- When the harvesting capacity of a coastal State approaches a point which would enable it to harvest the entire allowable catch of the living resources in its exclusive economic zone, the coastal State and other States concerned shall cooperate in the establishment of equitable arrangements on a bilateral, subregional or regional basis to allow for participation of developing land-locked States of the same subregion or region in the exploitation of the living resources of the exclusive economic zones of coastal States of the subregion or region, as may be appropriate in the circumstances and on terms satisfactory to all parties. In the implementation of this provision the factors mentioned in paragraph 2 shall also be taken into account.
- Developed land-locked States shall, under the provisions of this article, be entitled to participate in the exploitation of living resources only in the exclusive economic zones of developed coastal States of the same subregion or region having regard to the extent to which the coastal State, in giving access to other States to the living resources of its exclusive economic zone, has taken into account the need to minimize detrimental effects on fishing communities and economic dislocation in States whose nationals have habitually fished in the zone.
- The above provisions are without prejudice to arrangements agreed upon in subregions or regions where the coastal States may grant to land-locked States of the same subregion or region equal or preferential rights for the exploitation of the living resources in the exclusive economic zones.
- Geographically disadvantaged states
There is a further group of states known as geographically disadvantaged states because, although they have a coastline, they get very little benefit from the seas off their coast, for a number of reasons.
Some such states have a small coastline compared to the size of the country, and others are situated in such a position that they hardly get any sea areas as their own EEZ. Although they are coastal states in name, they did not stand to benefit as much as other coastal states when the scramble for the seas was underway during UNCLOS III.
According to Article 70(2) of the 1982 Convention, ‘geographically disadvantaged states’ means:
coastal states, including states bordering enclosed or semi-enclosed seas, whose geographical situation makes them dependent upon the exploitation of the living resources of the exclusive economic zones of other states in the subregion or region for adequate supplies of fish for the nutritional purposes of their populations or parts thereof, and coastal states which can claim no exclusive economic zones of their own.
In response to concerns raised by such states, the 1982 Convention contains certain provisions designed to allow them limited access to the resources of the EEZs of other coastal states of the same region or subregion. Article 70 deals with such access:
Right of geographically disadvantaged States
- Geographically disadvantaged States shall have the right to participate, on an equitable basis, in the exploitation of an appropriate part of the surplus of the living resources of the exclusive economic zones of coastal States of the same subregion or region, taking into account the relevant economic and geographical circumstances of all the States concerned and in conformity with the provisions of this article and of articles 61 and 62.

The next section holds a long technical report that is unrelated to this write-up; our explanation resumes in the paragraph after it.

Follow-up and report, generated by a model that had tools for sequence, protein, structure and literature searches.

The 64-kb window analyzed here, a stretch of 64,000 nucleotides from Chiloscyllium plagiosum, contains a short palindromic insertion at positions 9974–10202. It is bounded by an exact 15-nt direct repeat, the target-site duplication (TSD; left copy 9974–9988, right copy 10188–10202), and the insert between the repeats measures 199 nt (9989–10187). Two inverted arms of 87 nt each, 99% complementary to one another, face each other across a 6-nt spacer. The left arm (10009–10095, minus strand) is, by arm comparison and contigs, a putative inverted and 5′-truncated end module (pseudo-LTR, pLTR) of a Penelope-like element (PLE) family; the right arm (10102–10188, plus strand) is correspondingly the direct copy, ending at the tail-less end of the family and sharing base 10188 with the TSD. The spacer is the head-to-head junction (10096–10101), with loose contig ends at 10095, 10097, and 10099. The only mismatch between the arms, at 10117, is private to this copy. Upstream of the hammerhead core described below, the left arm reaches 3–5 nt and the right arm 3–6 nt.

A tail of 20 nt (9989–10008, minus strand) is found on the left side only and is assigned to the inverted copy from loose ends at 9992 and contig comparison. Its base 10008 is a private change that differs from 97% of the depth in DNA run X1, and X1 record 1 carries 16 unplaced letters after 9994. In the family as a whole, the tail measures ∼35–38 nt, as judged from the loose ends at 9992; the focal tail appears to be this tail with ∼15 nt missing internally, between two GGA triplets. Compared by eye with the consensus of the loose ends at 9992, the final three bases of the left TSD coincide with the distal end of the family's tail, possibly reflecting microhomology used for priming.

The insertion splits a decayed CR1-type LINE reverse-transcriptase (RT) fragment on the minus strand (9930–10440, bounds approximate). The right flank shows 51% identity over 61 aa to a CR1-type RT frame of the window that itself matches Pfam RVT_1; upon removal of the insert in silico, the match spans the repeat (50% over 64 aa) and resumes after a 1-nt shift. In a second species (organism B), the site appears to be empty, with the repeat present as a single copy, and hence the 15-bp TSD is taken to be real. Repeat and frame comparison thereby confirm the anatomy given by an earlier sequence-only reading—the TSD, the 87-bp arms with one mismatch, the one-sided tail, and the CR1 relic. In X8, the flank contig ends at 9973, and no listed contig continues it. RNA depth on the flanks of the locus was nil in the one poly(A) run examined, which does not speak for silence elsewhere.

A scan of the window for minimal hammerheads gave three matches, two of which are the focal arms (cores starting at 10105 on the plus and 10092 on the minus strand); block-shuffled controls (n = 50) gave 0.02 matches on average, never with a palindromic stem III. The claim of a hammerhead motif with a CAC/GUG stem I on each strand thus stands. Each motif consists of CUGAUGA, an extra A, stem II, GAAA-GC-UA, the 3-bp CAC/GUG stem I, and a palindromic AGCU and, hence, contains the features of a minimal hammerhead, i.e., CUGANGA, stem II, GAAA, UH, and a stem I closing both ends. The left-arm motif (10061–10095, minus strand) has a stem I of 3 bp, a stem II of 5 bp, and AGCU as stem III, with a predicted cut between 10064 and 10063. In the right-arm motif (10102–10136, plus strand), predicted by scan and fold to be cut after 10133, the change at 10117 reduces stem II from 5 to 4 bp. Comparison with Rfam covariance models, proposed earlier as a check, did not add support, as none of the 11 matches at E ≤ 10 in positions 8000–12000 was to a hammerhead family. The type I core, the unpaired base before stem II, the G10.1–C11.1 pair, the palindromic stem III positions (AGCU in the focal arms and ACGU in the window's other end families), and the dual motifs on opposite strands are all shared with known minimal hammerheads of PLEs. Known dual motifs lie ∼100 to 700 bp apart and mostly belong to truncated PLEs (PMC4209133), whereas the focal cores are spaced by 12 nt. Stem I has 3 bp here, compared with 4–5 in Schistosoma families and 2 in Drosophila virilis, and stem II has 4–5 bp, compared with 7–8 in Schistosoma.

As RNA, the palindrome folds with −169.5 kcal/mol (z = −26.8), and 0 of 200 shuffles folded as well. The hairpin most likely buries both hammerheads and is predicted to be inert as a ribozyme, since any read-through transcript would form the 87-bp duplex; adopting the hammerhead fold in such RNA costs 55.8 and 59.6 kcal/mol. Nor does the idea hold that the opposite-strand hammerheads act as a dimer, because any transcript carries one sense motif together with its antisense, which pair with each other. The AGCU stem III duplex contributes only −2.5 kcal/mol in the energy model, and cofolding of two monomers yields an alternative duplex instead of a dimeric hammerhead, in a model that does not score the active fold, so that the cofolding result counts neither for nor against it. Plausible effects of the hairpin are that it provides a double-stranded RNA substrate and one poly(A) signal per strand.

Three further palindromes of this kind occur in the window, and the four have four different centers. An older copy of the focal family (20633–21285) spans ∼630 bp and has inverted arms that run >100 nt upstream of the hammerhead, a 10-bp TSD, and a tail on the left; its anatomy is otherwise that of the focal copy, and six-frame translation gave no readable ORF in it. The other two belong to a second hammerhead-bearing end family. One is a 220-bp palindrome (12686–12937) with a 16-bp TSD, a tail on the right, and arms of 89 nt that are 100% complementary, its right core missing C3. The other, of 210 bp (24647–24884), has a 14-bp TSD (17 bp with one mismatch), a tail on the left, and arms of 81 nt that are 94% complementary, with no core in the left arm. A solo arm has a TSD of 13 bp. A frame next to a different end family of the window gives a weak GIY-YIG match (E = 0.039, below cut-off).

- The terms and modalities of such participation shall be established by the States concerned through bilateral, subregional or regional agreements taking into account, inter alia:
- the extent to which the geographically disadvantaged State, in accordance with the provisions of this article, is participating or is entitled to participate under existing bilateral, subregional or regional agreements in the exploitation of living resources of the exclusive economic zones of other coastal States;
- the extent to which other geographically disadvantaged States and land-locked States are participating in the exploitation of the living resources of the exclusive economic zone of the coastal State and the consequent need to avoid a particular burden for any single coastal State or a part of it;
- the nutritional needs of the populations of the respective States.
- When the harvesting capacity of a coastal State approaches a point which would enable it to harvest the entire allowable catch of the living resources in its exclusive economic zone, the coastal State and other States concerned shall cooperate in the establishment of equitable arrangements on a bilateral, subregional or regional basis to allow for participation of developing geographically disadvantaged States of the same subregion or region in the exploitation of the living resources of the exclusive economic zones of coastal States of the subregion or region, as may be appropriate in the circumstances and on terms satisfactory to all parties. In the implementation of this provision the factors mentioned in paragraph 3 shall also be taken into account.
- Developed geographically disadvantaged States shall, under the provisions of this article, be entitled to participate in the exploitation of living resources only in the exclusive economic zones of developed coastal States of the same subregion or region having regard to the extent to which the coastal State, in giving access to other States to the living resources of its exclusive economic zone, has taken into account the need to minimize detrimental effects on fishing communities and economic dislocation in States whose nationals have habitually fished in the zone.